Phytophthora blight: this plant blight is caused by a water mold that will rot fruit and rapidly wilt and kill a plant.
Sclerotinia diseases: caused by a fungus that produces brown or gray lesions on foliage and fruit.
Common scab: caused by various streptomyces species.
Verticilliuma: wide spread mold that causes leaf wilt on many vegetable plants.
Nematodes: worm-like organisms that attack the root structure of plants.
Pathogen distribution in soils that results in plant blight and disease is highly dependent upon the cropping history of a particular soil, such as the types of crops grown and whether or not there has been any crop rotation over the course of seasons. Soil moisture and temperature can also influence the level of pathogen loading. Many diseases are more severe with high soil moisture. Soil pH and nutrient levels will also contribute to pathogen infection. Probably the single largest factor contributing to high levels of soil-borne pathogens is the health and integrity of the soil itself.
Healthy soil is a combination of minerals, air, water and organic matter. Minerals in the form of sand, silt and clay make up about 50% of good soil. Organic matteral so known as humus makes up only a small portion of soils but is critical to the transfer of the chemical ions that are necessary for plant growth and fruit and vegetable production. Well-structured and stable soils are an ecosystem all to themselves with their own balance and interaction of organisms. It’s this healthy environment around the “root zone” of a plant that allows for biological suppression of plant pathogens and prevents parasitism and damage to plants. Blight and disease are easier to fend off with healthy soil, bottomline.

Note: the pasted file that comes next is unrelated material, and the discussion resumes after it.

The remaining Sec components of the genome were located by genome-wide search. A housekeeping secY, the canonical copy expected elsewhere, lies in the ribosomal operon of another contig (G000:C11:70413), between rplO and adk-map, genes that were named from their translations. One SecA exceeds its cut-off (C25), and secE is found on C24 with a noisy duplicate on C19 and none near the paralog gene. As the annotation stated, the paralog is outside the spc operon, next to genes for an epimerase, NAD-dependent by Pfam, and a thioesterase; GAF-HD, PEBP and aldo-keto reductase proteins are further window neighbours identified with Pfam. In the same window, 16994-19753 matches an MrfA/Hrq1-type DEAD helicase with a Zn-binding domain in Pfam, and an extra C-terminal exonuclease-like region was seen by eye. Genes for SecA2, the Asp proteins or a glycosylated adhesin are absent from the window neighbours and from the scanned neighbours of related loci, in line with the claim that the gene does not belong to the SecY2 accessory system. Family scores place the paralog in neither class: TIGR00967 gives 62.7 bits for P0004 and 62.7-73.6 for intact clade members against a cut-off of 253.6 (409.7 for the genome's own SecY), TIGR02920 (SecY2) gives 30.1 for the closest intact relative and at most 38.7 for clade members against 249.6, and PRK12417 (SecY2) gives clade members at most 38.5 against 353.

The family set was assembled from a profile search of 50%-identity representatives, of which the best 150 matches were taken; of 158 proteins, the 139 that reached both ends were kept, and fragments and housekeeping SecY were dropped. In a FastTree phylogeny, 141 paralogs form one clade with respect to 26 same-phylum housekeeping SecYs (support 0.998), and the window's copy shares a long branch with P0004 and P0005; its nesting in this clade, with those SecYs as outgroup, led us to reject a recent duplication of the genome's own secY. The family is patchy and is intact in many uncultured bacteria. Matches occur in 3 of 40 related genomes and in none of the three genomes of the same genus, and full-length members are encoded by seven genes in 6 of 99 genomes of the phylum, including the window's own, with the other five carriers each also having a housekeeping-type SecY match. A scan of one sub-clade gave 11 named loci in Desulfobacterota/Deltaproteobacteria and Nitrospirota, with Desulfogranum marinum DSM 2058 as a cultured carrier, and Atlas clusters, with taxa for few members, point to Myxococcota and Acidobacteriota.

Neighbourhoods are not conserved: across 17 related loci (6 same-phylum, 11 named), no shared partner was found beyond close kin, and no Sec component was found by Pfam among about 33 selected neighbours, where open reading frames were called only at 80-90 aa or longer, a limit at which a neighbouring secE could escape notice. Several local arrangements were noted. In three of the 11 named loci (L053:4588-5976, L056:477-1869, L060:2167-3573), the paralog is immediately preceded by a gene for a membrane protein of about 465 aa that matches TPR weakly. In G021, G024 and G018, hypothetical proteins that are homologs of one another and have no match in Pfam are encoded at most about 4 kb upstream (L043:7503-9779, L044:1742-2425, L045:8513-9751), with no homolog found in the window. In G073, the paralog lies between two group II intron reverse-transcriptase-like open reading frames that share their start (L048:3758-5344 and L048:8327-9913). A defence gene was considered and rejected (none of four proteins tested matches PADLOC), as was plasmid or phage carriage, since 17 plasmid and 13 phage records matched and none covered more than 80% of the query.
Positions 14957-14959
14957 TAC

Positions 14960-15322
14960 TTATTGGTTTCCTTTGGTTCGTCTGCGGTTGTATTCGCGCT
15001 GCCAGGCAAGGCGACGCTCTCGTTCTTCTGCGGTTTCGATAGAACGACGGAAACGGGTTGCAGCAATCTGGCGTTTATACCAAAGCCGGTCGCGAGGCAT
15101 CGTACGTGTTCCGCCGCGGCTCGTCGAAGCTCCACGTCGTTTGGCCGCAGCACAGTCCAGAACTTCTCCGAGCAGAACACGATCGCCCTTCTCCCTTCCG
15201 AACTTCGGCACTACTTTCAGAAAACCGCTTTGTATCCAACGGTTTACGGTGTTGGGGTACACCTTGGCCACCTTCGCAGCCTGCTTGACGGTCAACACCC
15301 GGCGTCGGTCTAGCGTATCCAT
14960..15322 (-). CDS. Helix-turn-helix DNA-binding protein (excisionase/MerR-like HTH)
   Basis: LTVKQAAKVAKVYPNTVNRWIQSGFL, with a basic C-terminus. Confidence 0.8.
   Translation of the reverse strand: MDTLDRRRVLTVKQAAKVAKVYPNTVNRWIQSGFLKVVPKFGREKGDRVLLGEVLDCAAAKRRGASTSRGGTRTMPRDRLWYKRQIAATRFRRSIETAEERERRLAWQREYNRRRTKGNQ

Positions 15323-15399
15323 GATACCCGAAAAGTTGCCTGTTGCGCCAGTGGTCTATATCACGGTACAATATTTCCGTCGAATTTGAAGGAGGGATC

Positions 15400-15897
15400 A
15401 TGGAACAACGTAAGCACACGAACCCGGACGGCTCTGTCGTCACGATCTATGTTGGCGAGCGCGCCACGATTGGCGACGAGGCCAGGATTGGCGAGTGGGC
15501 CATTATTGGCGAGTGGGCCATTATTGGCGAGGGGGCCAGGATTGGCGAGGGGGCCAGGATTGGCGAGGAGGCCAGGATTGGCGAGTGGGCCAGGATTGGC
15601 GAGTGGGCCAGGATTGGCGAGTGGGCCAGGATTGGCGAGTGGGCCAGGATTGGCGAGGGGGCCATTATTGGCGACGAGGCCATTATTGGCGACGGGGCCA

Generally, the first sign that soil-borne pathogens are infecting a crop is an obvious yellowing of plants. Don’t assume its plant blight or disease. Ruling out water, fertility or mineral deficiencies comes first, followed by inspection of leaves, stems and roots.